The Law Responds: How North Carolina Law Protects Consumers After Hurricane Florence

Written by Tyler Sankes


As Hurricane Florence continues its path along the eastern United States, a temporary law is in effect in North Carolina that aims to clean up the hurricane’s destruction. Although the statute cannot remove debris or fix powerlines, it has succeeded in affording hundreds of consumers an avenue to voice their concerns in a time of need.

The law, North Carolina General Statutes Chapter 75 Article 38, prohibits producers of goods and services to charge unreasonably excessive prices and requires violators to refund the consumer and pay up to $5,000 per violation. But before your inner curiosity questions the generality of the statute and/or its market interventionist nature, there are constraints and language that act as guideposts to insure the law is used as intended.


The statue can only be in effect for 45 days from the triggering event and cannot continue beyond the threshold unless renewed by the Governor. In North Carolina, the triggering event was not Florence’s landfall, but rather occurred when the state declared a State of Emergency on September 7th, 2018. Therefore, the law is currently projected to be in place until at least October 22, 2018.

Triggering Event

An event must take place that causes the statute to come into effect. In addition, the event is only ‘triggering’ when North Carolina declares a State of Emergency or when it causes a significant market disruption. Market disruptions, whether actual or imminent, are considered significant when goods or services that are needed by consumers as a direct result of an emergency or are used to protect one’s self or property. Some examples include natural disasters, strikes, civil disorders, war, and terrorist attacks.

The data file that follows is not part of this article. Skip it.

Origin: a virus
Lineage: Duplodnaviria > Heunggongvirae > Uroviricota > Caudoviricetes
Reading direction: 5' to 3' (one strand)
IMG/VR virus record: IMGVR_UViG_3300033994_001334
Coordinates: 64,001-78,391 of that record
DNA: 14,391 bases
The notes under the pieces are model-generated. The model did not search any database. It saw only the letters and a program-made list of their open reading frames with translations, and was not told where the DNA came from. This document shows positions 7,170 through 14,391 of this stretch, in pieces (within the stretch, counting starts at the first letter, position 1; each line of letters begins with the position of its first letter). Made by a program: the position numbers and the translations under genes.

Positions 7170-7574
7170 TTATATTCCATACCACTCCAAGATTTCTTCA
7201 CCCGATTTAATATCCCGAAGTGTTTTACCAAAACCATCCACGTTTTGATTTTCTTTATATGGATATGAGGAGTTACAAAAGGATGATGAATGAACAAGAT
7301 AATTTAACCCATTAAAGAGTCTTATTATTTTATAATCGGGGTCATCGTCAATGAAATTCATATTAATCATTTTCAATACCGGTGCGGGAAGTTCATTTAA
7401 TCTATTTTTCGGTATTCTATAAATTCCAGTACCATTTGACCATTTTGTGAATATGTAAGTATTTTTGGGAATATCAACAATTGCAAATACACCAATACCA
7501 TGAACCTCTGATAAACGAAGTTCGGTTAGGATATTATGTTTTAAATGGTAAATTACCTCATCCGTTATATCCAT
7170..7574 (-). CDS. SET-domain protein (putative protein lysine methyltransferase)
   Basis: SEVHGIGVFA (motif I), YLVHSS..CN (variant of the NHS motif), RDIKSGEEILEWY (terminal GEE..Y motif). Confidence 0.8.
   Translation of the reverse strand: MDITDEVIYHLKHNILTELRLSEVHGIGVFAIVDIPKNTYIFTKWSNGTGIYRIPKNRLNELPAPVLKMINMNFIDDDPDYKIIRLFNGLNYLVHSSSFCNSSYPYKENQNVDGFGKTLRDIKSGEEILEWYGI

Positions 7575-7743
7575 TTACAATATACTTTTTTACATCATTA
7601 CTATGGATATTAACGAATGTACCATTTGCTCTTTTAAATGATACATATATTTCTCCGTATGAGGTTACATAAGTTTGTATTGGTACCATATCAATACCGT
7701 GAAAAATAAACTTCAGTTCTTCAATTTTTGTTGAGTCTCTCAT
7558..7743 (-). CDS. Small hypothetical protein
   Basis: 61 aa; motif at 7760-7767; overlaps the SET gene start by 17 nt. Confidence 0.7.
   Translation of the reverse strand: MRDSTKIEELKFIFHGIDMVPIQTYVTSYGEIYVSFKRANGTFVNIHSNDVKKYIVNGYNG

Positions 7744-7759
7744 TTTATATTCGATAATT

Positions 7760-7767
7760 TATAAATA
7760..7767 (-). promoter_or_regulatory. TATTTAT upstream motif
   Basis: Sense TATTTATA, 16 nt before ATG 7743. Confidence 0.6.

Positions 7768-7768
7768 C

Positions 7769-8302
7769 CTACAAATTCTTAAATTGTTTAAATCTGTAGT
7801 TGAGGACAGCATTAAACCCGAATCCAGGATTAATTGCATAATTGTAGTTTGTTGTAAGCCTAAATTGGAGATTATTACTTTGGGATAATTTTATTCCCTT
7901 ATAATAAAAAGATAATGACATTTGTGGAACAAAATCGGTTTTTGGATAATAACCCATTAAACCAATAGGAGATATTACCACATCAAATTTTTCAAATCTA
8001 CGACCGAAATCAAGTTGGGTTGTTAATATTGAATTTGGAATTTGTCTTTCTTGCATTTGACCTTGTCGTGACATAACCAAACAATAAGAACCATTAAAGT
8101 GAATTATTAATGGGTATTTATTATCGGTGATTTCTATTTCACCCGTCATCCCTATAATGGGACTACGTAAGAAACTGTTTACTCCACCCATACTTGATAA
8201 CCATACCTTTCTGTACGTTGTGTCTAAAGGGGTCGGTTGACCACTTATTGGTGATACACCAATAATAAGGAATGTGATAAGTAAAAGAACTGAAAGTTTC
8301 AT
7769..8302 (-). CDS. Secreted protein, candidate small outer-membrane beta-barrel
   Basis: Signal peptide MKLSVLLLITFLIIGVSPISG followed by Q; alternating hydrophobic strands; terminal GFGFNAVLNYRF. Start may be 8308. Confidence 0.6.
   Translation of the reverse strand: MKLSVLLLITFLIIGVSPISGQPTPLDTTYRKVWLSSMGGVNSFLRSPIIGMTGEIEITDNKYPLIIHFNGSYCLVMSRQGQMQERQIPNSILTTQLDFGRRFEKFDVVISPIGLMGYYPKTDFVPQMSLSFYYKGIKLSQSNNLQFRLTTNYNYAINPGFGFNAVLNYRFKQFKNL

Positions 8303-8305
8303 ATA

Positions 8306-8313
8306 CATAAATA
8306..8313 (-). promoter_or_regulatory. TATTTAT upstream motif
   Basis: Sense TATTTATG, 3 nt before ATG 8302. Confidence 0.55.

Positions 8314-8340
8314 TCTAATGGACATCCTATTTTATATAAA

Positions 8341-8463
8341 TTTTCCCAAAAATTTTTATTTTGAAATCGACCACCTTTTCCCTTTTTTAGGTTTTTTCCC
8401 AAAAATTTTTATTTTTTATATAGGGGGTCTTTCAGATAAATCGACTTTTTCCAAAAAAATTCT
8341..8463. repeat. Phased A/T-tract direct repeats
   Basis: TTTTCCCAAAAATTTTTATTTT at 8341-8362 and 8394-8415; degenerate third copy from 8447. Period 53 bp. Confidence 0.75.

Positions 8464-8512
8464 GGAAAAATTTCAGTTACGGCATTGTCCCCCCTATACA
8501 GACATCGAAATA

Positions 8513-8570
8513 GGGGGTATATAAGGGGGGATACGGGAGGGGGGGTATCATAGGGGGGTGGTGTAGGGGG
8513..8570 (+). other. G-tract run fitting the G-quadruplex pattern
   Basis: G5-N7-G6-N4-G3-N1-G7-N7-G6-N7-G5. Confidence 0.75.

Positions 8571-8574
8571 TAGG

The characteristic and price of the good or service, by itself, cannot show that the price gouging law was violated; consumers are required to show intent. Not only must the goods be consumed as a direct result of the emergency, but the producer must possess knowledge and intent to charge unreasonably excessive prices.


To help determine if a producer is charging excessive prices, the law provides several characteristics that should be considered. Increases in supply cost, price compared to previous sales or local competition, greater macroeconomic forces (such as inflation or interest rates), and increased business risks are factors that may be analyzed to help determine whether a price is excessive.

Results So Far

Over 500 complaints have been received by Attorney General Josh Stein’s office. Although these are only complaints and have not been proven in a court of law, the resounding response by North Carolina citizens show that there is a need and the law is responding.



Christina Maxouris, There have been more than 500 reports of price gouging in North Carolina after Florence, CNN (Sep. 17, 2018).

N.C. Gen. Stat. § 75-38

Photo courtesy of AP Photo.